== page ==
It’s no jape, there are fewer female scientists than male ones. In fact, the National Science Foundation says biases against female students in the science classrooms persist, as do myths like “girls are less interested in science than boys are.” The Women in Technology Project (WIT), founded by the Maui Economic Development Board (MEDB) in 2000, has honed in on this issue. They’re now training Maui County educators in a three-day professional development course entitled “Science Building Blocks,” in a partnership with the Air Force Research Laboratory and University of Hawaii Maui College. The course offers teachers science, technology, engineering and math (STEM) training.
“We know that girls start to make gendered career assumptions as early as age seven, so by supporting our teachers with the tools to teach science and math concepts in exciting and interesting ways, we know we are debunking the stereotypes that these subjects are boring and only for geeks,” says Leslie Wilkins, Program Director of Women in Technology. “WIT includes gender equity principles in all its trainings and will provide female science role models in follow-up support for the teachers.”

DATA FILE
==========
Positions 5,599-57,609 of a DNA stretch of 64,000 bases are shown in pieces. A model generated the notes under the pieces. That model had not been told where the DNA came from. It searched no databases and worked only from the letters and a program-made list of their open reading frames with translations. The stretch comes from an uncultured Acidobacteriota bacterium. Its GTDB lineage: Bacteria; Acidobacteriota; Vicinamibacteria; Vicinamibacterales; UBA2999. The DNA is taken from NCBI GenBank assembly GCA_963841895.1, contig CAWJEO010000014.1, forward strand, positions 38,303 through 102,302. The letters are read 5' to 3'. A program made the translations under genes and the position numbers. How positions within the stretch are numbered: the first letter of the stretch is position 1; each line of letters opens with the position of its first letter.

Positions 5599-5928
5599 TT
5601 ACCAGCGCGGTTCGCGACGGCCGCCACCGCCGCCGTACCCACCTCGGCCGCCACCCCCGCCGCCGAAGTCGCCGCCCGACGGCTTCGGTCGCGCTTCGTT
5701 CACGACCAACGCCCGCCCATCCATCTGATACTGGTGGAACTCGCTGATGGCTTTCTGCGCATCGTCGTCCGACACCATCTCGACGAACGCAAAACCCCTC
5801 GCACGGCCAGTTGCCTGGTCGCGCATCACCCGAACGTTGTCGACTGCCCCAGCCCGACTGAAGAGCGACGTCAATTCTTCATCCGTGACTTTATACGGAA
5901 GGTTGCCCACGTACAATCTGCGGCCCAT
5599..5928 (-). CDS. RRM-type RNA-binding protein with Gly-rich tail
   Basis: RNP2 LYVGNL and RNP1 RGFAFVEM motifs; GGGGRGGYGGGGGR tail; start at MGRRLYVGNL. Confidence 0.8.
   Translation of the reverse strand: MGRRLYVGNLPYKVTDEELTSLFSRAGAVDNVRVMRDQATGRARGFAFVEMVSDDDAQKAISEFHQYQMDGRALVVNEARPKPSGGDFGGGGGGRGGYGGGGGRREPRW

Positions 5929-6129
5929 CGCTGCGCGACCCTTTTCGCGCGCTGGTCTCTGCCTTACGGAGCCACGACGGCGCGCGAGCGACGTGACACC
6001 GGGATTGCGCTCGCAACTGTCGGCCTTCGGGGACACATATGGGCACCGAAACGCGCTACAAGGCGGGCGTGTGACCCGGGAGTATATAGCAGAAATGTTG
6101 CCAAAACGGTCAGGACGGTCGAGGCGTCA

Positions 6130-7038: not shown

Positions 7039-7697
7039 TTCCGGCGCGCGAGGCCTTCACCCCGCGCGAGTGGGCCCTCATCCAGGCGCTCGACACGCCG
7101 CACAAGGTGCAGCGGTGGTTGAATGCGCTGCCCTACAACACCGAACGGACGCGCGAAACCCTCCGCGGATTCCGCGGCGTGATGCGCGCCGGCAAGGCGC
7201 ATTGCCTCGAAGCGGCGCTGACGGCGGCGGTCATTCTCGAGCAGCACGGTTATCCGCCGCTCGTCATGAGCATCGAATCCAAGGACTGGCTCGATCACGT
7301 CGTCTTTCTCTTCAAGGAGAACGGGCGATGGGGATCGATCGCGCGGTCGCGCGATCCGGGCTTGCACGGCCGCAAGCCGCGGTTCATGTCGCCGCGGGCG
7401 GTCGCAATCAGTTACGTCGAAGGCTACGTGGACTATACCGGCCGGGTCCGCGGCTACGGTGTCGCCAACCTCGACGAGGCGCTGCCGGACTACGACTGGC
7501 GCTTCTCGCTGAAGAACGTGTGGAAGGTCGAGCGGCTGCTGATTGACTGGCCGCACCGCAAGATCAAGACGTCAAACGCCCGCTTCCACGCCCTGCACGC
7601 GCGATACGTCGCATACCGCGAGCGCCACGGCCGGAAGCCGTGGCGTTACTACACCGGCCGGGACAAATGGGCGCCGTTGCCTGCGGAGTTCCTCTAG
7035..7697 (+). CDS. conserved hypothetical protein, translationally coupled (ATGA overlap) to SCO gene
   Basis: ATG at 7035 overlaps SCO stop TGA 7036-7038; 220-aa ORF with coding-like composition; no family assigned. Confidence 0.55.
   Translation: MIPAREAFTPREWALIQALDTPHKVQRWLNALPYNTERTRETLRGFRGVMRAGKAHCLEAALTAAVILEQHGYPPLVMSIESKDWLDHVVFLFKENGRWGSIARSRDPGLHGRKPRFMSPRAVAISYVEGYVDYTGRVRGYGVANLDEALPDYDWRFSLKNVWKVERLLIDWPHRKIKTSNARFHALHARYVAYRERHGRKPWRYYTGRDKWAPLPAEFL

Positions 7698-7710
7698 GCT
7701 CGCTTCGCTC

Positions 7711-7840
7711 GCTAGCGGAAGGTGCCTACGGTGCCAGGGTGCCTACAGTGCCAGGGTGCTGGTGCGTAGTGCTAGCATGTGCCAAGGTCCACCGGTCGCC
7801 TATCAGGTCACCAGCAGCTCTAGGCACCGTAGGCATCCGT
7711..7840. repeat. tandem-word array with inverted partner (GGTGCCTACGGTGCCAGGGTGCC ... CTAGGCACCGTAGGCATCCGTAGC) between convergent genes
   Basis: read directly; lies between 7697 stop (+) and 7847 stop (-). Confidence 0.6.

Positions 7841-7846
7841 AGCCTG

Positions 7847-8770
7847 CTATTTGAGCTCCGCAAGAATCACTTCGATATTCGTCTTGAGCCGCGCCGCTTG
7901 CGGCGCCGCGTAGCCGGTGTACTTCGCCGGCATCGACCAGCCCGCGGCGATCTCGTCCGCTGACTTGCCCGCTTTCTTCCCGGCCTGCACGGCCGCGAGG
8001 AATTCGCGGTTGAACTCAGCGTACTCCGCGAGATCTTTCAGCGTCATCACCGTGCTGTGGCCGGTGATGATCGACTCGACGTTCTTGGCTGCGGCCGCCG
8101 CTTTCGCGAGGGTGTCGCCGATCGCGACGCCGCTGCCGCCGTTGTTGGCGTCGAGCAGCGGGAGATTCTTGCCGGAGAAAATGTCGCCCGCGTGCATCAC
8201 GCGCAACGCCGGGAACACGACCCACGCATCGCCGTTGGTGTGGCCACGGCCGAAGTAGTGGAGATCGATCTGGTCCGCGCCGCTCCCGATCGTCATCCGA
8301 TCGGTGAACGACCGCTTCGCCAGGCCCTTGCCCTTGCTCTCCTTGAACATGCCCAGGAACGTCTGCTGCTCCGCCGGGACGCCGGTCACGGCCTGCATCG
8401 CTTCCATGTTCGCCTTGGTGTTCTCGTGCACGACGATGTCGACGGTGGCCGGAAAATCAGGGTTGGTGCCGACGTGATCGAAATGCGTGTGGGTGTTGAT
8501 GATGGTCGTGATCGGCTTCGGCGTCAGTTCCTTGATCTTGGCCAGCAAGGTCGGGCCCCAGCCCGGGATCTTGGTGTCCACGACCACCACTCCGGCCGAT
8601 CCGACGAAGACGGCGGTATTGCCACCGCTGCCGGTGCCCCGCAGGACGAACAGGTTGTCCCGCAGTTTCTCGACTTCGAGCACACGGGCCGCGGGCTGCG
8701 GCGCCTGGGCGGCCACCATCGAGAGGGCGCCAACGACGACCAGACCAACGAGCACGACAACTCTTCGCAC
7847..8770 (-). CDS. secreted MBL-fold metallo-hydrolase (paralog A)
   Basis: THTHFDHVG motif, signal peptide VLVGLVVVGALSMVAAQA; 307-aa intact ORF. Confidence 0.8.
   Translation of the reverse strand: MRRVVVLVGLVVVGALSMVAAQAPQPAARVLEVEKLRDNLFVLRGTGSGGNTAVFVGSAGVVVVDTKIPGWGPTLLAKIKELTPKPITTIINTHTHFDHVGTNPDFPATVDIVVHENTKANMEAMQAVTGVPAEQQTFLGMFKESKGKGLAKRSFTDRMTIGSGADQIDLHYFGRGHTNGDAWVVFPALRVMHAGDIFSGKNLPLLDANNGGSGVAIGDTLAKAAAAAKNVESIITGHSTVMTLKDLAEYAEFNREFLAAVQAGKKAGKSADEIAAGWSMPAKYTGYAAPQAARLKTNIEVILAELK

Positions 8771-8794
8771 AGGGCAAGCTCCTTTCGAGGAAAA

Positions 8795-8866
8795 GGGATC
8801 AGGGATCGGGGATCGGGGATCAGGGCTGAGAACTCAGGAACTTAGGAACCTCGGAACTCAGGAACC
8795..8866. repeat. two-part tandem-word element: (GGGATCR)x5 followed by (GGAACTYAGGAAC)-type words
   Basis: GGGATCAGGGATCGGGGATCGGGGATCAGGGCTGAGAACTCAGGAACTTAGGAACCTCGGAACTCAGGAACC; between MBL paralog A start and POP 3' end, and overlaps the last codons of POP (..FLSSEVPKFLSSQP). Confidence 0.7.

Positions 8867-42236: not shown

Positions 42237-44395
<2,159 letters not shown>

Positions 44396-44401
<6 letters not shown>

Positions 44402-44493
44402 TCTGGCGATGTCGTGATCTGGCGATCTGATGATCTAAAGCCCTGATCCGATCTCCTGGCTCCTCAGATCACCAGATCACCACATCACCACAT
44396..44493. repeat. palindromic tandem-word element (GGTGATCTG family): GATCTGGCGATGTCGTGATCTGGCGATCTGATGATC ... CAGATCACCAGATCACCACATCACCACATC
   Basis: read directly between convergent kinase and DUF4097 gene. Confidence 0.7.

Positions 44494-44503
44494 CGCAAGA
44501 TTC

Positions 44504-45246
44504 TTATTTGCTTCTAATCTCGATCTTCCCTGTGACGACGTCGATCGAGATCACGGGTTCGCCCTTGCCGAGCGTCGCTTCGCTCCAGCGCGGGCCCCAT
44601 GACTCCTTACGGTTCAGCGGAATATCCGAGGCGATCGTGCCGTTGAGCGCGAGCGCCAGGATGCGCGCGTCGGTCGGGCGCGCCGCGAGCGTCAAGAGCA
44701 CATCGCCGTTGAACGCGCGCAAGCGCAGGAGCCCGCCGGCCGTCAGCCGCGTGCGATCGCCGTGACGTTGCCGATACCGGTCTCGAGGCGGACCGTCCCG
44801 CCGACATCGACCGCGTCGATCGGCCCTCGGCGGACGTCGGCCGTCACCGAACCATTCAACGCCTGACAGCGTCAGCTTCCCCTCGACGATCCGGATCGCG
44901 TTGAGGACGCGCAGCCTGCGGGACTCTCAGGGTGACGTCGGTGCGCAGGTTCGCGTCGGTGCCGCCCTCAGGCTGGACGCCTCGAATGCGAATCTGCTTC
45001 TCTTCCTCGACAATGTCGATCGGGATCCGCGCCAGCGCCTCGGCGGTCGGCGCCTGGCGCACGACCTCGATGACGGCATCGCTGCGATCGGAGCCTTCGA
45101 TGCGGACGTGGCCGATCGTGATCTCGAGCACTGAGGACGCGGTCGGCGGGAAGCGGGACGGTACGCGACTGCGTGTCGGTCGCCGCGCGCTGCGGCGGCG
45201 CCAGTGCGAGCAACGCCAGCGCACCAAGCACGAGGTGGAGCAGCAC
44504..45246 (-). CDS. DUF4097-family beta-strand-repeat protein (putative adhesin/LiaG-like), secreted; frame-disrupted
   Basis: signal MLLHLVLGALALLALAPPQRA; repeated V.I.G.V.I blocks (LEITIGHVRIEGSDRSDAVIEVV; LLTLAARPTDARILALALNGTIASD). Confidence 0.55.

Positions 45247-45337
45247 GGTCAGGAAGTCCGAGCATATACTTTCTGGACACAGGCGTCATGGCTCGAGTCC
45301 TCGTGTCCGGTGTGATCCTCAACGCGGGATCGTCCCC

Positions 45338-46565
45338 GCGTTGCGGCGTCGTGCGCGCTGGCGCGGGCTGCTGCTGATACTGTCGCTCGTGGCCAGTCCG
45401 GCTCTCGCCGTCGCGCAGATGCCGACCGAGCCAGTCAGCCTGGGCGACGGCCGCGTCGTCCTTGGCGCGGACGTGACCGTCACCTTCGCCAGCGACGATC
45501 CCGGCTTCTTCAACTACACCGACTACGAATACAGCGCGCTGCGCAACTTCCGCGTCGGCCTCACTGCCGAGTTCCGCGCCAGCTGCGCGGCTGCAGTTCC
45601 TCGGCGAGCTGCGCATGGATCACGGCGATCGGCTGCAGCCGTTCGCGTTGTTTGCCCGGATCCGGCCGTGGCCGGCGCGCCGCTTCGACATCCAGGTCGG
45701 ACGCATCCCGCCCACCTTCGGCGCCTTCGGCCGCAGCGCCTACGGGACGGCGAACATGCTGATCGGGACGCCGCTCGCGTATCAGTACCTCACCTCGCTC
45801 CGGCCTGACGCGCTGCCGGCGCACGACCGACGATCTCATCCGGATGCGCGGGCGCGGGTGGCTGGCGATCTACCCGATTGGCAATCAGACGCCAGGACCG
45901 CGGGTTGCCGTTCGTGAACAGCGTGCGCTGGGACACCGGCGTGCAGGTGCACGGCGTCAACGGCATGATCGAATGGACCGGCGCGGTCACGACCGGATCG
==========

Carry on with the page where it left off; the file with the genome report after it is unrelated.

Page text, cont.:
Stacie Williams is the Program Director of Community Outreach for the Air Force Research Laboratory (AFRL). She’s determined to even up the numbers by motivating young girls, as well as boys, toward science even before they’re out of grade school.